Tuesday, November 16, 2021

"Puttin' on the Ritz" by Theater Latte Da at the Ritz Theater

After 611 long dark days, Theater Latte Da is finally back performing again in their Northeast Minneapolis home, the Ritz Theater. They opened their 24th season last weekend with a special cabaret concert for subscribers (and me!) and it was such a joyous celebration. I've missed Theater Latte Da's brand of music-theater so much, and am thrilled that they're finally back. The first official show of the season is a remount of their gorgeous annual holiday show All is Calm (seen on PBS stations around the country last year), to be followed by La Boheme in January, nearly two years after the production was shut down after just a few preview performances. Next spring we'll see the area premiere of the 1992 multiple Tony-nominated musical Jelly's Last Jam, and the season will conclude with the world premiere of a new musical adaptation of the classic play Twelve Angry Men, which Latte Da has been developing for several years. Click here for info on their season and to purchase season tickets, or individual tickets for the first two shows, and read on for highlights of last weekend's Puttin' on the Ritz.

Puttin' on the Ritz was a beautifully curated and directed (by Peter Rothstein and Kelli Foster Warder) selection of musical theater, standards, and pop songs, performed by a fantabulous ten-person cast accompanied by the most excellent five-person band, directed by Latte Da's own Denise Prosek. Funny, emotional, entertaining, some songs were pulled from Theater Latte Da faves from the last 23 seasons, some favorites yet to come. And I'm pretty sure the ending was specifically constructed to make me cry (mission accomplished), but truthfully I teared up at several points throughout the show, just from the pure joy of experiencing live music-theater at the Ritz again.

Highlights of the show are too many to mention (you can find the full songlist here), but just to name one or two for each performer:
  • If Erin Capello's performances were auditions for the yet-to-be regional premieres of the female singer-songwriter musicals Beautiful and Waitress, she has my vote! Gorgeous vocals and pure emotion on "It's Too Late" and "She Used to Be Mine."
  • I didn't realize how dull my recent Bradley Greenwald-less life has been. He just lights up the world, from his hilarious rendition of my favorite Hamilton song "You'll Be Back," to a song from the lovely musical adaptation of Cyrano - C. - which he wrote with composer Robert Elhai.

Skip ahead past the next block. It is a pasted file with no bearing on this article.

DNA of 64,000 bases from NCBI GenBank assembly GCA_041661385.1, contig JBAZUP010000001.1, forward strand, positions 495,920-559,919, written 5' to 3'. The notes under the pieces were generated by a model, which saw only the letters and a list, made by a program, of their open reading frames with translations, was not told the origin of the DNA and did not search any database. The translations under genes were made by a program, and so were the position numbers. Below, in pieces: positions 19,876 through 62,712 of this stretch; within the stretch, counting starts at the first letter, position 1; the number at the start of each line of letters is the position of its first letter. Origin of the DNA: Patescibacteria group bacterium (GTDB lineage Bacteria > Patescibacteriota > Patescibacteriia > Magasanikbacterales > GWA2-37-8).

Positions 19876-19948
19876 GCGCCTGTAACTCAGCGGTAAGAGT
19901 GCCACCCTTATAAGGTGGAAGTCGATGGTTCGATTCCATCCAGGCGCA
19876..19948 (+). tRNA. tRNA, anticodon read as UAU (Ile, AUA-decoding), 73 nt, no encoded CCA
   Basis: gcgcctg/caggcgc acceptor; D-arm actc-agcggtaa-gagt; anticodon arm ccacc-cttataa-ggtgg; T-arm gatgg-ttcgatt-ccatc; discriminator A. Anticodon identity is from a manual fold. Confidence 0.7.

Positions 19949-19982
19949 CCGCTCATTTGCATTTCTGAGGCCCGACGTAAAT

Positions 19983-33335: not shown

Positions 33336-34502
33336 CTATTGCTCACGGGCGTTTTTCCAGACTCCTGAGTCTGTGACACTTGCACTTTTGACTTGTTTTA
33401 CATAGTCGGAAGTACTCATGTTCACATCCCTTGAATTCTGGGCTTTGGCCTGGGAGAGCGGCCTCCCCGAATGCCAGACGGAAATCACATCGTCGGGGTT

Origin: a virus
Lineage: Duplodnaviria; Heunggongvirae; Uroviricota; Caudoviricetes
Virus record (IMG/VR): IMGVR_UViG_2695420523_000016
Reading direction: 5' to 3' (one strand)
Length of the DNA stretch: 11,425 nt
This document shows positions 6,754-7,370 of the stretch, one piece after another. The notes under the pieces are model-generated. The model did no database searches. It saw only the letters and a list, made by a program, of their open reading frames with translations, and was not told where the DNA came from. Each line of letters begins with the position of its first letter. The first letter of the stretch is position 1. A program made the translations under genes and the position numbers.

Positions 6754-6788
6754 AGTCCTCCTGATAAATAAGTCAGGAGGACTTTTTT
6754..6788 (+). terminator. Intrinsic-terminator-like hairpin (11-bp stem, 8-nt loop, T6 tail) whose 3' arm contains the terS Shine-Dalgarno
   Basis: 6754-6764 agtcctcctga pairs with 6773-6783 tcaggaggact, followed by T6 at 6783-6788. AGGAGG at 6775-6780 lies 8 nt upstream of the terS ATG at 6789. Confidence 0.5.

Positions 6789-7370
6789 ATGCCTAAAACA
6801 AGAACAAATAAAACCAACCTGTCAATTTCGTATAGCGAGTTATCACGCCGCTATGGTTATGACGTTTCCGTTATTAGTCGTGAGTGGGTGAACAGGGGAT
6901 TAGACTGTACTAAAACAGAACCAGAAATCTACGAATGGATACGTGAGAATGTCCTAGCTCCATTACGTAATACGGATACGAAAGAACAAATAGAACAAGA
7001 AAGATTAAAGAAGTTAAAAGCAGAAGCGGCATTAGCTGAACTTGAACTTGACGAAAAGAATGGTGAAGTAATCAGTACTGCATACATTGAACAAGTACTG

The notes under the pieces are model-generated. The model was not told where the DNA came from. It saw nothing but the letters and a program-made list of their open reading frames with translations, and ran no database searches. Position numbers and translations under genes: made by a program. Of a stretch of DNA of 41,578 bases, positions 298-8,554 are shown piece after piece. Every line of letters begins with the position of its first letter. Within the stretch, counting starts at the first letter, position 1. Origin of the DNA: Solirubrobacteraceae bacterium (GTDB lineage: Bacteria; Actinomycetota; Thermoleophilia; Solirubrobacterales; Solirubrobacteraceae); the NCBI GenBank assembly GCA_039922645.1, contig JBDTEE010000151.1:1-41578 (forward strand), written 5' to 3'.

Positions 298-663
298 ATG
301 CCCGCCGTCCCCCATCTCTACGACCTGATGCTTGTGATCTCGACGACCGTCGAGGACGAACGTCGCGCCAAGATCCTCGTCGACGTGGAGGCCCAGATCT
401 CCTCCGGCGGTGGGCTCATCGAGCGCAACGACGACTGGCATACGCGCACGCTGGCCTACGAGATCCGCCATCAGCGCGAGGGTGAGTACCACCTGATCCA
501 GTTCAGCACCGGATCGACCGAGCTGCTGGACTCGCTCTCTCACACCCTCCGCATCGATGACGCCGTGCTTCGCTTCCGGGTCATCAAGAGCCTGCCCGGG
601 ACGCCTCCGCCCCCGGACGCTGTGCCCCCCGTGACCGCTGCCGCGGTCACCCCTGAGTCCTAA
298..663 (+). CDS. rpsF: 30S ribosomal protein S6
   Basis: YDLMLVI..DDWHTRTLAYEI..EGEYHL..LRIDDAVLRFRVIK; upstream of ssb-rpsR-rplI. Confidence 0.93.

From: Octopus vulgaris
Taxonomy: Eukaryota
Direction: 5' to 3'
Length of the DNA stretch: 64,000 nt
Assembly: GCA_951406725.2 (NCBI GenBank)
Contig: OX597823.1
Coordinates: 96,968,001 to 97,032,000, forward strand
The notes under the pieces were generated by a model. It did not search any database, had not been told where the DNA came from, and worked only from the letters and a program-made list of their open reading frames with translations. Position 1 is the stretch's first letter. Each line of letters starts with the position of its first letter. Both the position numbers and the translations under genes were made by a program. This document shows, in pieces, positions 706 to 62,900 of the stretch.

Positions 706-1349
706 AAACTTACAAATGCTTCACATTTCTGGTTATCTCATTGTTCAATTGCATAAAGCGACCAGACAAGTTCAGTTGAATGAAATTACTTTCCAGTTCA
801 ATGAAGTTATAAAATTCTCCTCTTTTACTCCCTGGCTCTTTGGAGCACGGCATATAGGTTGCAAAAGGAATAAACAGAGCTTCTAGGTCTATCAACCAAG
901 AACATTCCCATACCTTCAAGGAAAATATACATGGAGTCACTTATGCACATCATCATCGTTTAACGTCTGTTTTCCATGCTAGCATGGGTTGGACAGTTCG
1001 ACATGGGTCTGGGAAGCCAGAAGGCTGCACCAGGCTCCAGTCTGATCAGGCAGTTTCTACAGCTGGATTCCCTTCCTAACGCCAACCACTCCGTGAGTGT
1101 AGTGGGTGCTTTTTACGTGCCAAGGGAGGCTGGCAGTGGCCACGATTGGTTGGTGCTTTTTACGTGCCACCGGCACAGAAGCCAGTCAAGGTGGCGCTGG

• Jennifer Grimm is a born entertainer (see also Jenny sings Judy), whether it's telling jokes or singing the Patsy Cline classic "Walking After Midnight" or a lovely ode she wrote to "Minneapolis and St. Paul."
  • Anna Hashizume showed her musical and opera chops with a selection from Amélie and the forthcoming La Bohème.
  • The incomparable John Jamison singing a medley of "Somewhere Over the Rainbow" and "Home" was as amazing as you think it was.
  • Rodolfo Nieto got a little folky with Gordon Lightfoot's "If You Could Read My Mind" and dueted with Bradley on "Impossible Dream" - impossibly gorgeous.
  • Britta Ollmann reprised her roles from two of my favorite Theater Latte Da productions - the girl in Once (2018), and Violet in Violet (2010), both Latte Da regional premieres, the latter in the moving finale song "Bring Me to Light."
  • You may have seen Jay Owen Eisenberg sing "Ring of Keys" from Fun Home in one of Theater Latte Da's virtual cabarets this year, and it's even better and more poignant in person. Also a very funny "Mr. Cellophane."
  • T Mychael Rambo is such a joy, and his rendition of "Defying Gravity" is the Miscast performance I didn't know I needed! And his duet with John on "Make Them Hear You" from Ragtime produced all the feels.
  • On the other end of that famous Once duet was Matt Riehle, proving he's got the soulful vocals, guitar-playing skills, and ginger hair that make him perfect for the role (#TCTheater take note!). He also gave the Boss a run for his money with "Thunder Road."
In addition to the above, Peter read a lovely quote about the joy of being alive from And Things That Go Bump in the Night, the first play by Terrence McNally, whom we lost to COVID early on in this pandemic. And the band played a super fun medley of musical theater songs - play name that tune with your neighbor!

Welcome back Theater Latte Da! All is Calm, my favorite music-theater celebration of the season for its stillness, peace, and beauty, opens the weekend after Thanksgiving and plays through the New Year, which will hopefully bring us even more good things.